So this is pretty much where it all started, at least in terms of a formal definition with a simple example. Eric Miraglia explains how and why this pattern is employed in the YUI library and how to namespace your own modules to avoid leaking into the global space causing, or being affected by unintentional side-effects or conflicts.
This post really does start at ground zero with an example that is very easy to follow and digest. The explanation is clear and detailed enough not to leave beginners in the dark. This would be a good place to start if you're just coming across this technique.
This pattern is not without those that disagree with its use. Jonathan Snook talks about why this pattern causes him more friction during his development process than it's worth.
Personally, I can't help but disagree with this assessment given the way I code and find it helps rather than hinders my development process, but his points are worth noting to see if they would affect your work. Understanding some of the potential friction points may help your decision.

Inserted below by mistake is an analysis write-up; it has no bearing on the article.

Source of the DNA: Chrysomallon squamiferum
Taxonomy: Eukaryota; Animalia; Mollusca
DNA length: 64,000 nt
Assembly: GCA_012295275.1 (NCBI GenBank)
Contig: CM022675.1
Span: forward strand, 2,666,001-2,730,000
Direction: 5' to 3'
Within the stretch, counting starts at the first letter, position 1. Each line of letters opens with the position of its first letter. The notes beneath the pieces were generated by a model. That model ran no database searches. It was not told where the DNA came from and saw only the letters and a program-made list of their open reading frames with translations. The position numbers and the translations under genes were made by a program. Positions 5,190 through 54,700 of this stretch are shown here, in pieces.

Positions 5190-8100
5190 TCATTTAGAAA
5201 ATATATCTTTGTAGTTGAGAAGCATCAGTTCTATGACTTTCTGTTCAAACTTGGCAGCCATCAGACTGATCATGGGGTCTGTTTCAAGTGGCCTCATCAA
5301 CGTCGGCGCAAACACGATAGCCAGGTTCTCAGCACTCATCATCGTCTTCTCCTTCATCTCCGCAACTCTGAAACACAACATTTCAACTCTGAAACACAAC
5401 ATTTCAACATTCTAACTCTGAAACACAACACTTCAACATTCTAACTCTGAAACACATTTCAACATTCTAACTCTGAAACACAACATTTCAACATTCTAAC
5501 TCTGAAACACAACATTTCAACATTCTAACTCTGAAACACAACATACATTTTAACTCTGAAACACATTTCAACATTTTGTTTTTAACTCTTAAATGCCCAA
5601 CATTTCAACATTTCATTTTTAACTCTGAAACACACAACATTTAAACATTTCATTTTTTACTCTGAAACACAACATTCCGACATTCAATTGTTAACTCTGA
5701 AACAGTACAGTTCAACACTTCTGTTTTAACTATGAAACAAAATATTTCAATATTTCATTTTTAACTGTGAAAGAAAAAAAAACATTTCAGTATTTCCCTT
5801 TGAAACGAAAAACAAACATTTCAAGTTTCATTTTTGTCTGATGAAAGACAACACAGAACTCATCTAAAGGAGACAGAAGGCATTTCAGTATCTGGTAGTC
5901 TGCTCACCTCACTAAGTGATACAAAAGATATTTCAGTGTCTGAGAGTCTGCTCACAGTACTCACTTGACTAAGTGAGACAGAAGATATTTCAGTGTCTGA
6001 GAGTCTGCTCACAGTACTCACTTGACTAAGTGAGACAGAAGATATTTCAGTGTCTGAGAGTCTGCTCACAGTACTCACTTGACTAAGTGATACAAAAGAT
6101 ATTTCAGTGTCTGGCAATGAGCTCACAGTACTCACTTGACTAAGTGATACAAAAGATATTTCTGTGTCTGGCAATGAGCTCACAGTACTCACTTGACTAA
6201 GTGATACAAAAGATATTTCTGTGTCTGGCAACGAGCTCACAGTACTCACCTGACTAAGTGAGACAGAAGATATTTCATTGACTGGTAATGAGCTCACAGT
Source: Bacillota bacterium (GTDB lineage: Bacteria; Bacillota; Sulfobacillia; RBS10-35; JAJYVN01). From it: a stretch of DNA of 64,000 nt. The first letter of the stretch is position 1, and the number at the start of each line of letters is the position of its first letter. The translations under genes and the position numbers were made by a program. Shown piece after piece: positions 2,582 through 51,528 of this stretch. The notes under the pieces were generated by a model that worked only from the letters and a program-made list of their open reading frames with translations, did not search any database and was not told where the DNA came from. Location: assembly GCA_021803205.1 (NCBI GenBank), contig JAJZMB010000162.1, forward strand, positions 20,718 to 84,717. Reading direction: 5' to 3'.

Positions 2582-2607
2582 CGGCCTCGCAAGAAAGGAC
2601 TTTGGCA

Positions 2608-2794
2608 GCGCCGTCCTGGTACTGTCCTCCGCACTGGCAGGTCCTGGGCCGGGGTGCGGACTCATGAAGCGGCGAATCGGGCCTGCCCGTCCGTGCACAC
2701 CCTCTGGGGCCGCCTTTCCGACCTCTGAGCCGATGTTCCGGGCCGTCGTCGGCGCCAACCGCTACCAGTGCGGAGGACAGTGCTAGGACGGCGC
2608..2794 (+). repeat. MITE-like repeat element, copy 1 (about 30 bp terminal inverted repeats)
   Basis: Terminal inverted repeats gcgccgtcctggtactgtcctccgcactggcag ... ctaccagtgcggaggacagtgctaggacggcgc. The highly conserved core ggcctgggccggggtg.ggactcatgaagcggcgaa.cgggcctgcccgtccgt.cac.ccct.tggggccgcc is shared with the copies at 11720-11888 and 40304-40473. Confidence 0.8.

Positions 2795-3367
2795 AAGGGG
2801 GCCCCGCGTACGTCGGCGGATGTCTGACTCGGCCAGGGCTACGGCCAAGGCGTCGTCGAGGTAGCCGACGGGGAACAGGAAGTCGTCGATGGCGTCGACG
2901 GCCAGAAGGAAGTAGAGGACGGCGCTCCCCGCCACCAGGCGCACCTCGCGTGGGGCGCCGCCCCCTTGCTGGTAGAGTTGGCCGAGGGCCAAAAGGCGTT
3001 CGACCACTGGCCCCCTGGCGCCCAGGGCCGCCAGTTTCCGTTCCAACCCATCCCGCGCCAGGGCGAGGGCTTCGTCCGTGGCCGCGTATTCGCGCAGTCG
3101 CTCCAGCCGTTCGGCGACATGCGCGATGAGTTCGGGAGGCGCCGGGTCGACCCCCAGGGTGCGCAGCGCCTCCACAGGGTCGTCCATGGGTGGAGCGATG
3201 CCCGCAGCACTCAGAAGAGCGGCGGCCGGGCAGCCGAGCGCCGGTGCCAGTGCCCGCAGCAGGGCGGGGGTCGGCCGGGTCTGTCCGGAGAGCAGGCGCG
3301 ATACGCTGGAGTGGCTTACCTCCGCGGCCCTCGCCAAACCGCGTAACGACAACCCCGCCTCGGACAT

If you're looking for something more in depth, this article is not for you, but if you're just trying to explain the concept to a junior who is just starting out, then this will be at just about the right level of complexity.
In this post Jan Van Ryswyck explains why this pattern is useful for packaging scenarios and provides a nice example depicting a package for managing media of a podcasting site.
He goes through the down sides caused by unexpected replacement of functions, how to protect against that, as well as different methods of achieving a clean outcome for your package and the internal methods it relies on to function properly.
This posts leans more towards the experienced developer, but the explanations are so good, that I wouldn't hesitate throwing a junior in the deep end with this one so that they can learn to swim - goodness knows, this article provides some top quality water wings!
For me, the canonical post on this topic comes from Ben Cherry at his blog: Adequately Good. This post pretty much covers everything you need to know about that pattern, including some advanced scenarios that cover Loose and Tight Augmentation, Cross-File Private State, Sub-Modules and Inheritance. A veritable feast of ideas and applications for the pattern.
He also goes into more details around proper unit testing and how to effectively debug code written this way, so be sure to check out his blog if this is your poison.
Hopefully that gives you enough to get on with when learning this pattern. Let me know in the comments if I've missed a particularly good one and I'll be sure to update the post.
Until next time,